The defunct South Bay Power Plant in Chula Vista will now be demolished by one single implosion rather than the previously approved two-phased implosion plan, the Port of San Diego announced Thursday.
Dynergy South Bay, LLC, submitted the minor amendment to its Coastal Development Permit for the demolition of the plant to the California Coastal Commission.
According to Chula Vista Mayor Cheryl Cox, the City of Chula Vista supports the terms of the amended permit and the latest decision to demolish the plant in a single implosion.
“Demolishing the plant with a single implosion will expedite the creation of an unobstructed view corridor for the residents of Chula Vista and moves us closer to creating a world-class resort and residential destination on our portion of San Diego Bay as outline in the Chula Vista Bayfront Master Plan,” said Cox.
Click here for more information on the Bayfront plan.
The original two-phase permit had been approved on June 14, 2012. The new implosion procedure will now remove the above-ground structure in a single incident.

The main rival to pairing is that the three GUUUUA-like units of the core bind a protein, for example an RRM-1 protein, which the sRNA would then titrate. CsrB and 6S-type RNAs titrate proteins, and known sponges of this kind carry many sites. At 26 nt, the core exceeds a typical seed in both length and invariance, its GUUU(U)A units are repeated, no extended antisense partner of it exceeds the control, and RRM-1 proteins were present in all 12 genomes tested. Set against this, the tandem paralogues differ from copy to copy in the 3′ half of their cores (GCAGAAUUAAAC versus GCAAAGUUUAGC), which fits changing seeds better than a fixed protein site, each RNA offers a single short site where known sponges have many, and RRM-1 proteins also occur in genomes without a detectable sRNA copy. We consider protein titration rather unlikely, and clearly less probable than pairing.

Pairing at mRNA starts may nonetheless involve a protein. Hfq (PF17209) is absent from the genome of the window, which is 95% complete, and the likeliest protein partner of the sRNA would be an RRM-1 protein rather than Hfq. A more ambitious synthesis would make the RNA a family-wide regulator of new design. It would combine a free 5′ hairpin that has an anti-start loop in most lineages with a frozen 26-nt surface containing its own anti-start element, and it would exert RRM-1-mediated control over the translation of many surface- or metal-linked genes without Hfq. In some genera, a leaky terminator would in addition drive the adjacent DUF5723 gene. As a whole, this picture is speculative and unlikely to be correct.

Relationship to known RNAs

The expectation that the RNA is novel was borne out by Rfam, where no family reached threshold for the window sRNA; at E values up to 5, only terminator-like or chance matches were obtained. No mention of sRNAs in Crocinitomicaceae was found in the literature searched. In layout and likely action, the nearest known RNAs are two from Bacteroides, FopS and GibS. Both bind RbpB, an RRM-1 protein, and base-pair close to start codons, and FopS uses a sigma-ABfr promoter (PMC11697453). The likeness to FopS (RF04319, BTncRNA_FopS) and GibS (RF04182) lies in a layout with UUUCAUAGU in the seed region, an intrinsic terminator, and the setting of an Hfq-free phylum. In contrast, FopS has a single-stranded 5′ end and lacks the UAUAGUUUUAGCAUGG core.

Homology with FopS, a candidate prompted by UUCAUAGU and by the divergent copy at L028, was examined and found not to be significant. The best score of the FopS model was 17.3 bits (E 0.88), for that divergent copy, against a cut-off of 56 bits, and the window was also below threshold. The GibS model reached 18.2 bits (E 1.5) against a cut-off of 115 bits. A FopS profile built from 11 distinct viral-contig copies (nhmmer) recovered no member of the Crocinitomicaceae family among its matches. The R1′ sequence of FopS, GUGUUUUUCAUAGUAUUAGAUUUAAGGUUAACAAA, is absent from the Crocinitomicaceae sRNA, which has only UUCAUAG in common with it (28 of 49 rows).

The Port of San Diego said Dynergy South Bay, LLC, and the contractor for the demo project determined that a single implosion would minimize impacts to the surrounding Chula Vista community.
With just one implosion instead of two, noise levels would be reduced, the need to re-route traffic in the area would be lessened and -- perhaps most importantly -- the demolition schedule would be shortened by approximately two months, the Port of San Diego said.
Dynergy South Bay has been tasked with revising the demolition timeline to reflect the new changes. Contractors are currently dismantling the plant as scheduled and have been removing equipment such as piping, lights, controls, duct work, tanks, warehouses and storage buildings from the area.
Ann Moore, Vice Chair of the Board of Port Commissioners, said the amended project will add to the goal of removing the South Bay Power Plant in a swift and safe manner.
“We believe the amended project will achieve that result, allowing plans for a redeveloped and improved waterfront to come into fruition,” said Moore.
According to the Port of San Diego, the project is expected to generate approximately 21,000 tons of recyclable metals, including iron, steel, aluminium and copper. It may also generate 3,400 tons of non-hazardous waste including wood or plastic, which will be recycled.
When everything is said and done, the unanimously approved Chula Vista Bayfront Master Plan will add parks, open space and habitat protection in place of the defunct South Bay Power Plant.
The 556-acre plan will bring in an estimated $1.3 billion to the local economy in its first 20 years. It will create about 2,200 permanent jobs, and almost 7,000 construction jobs, according to a statement from the Port District.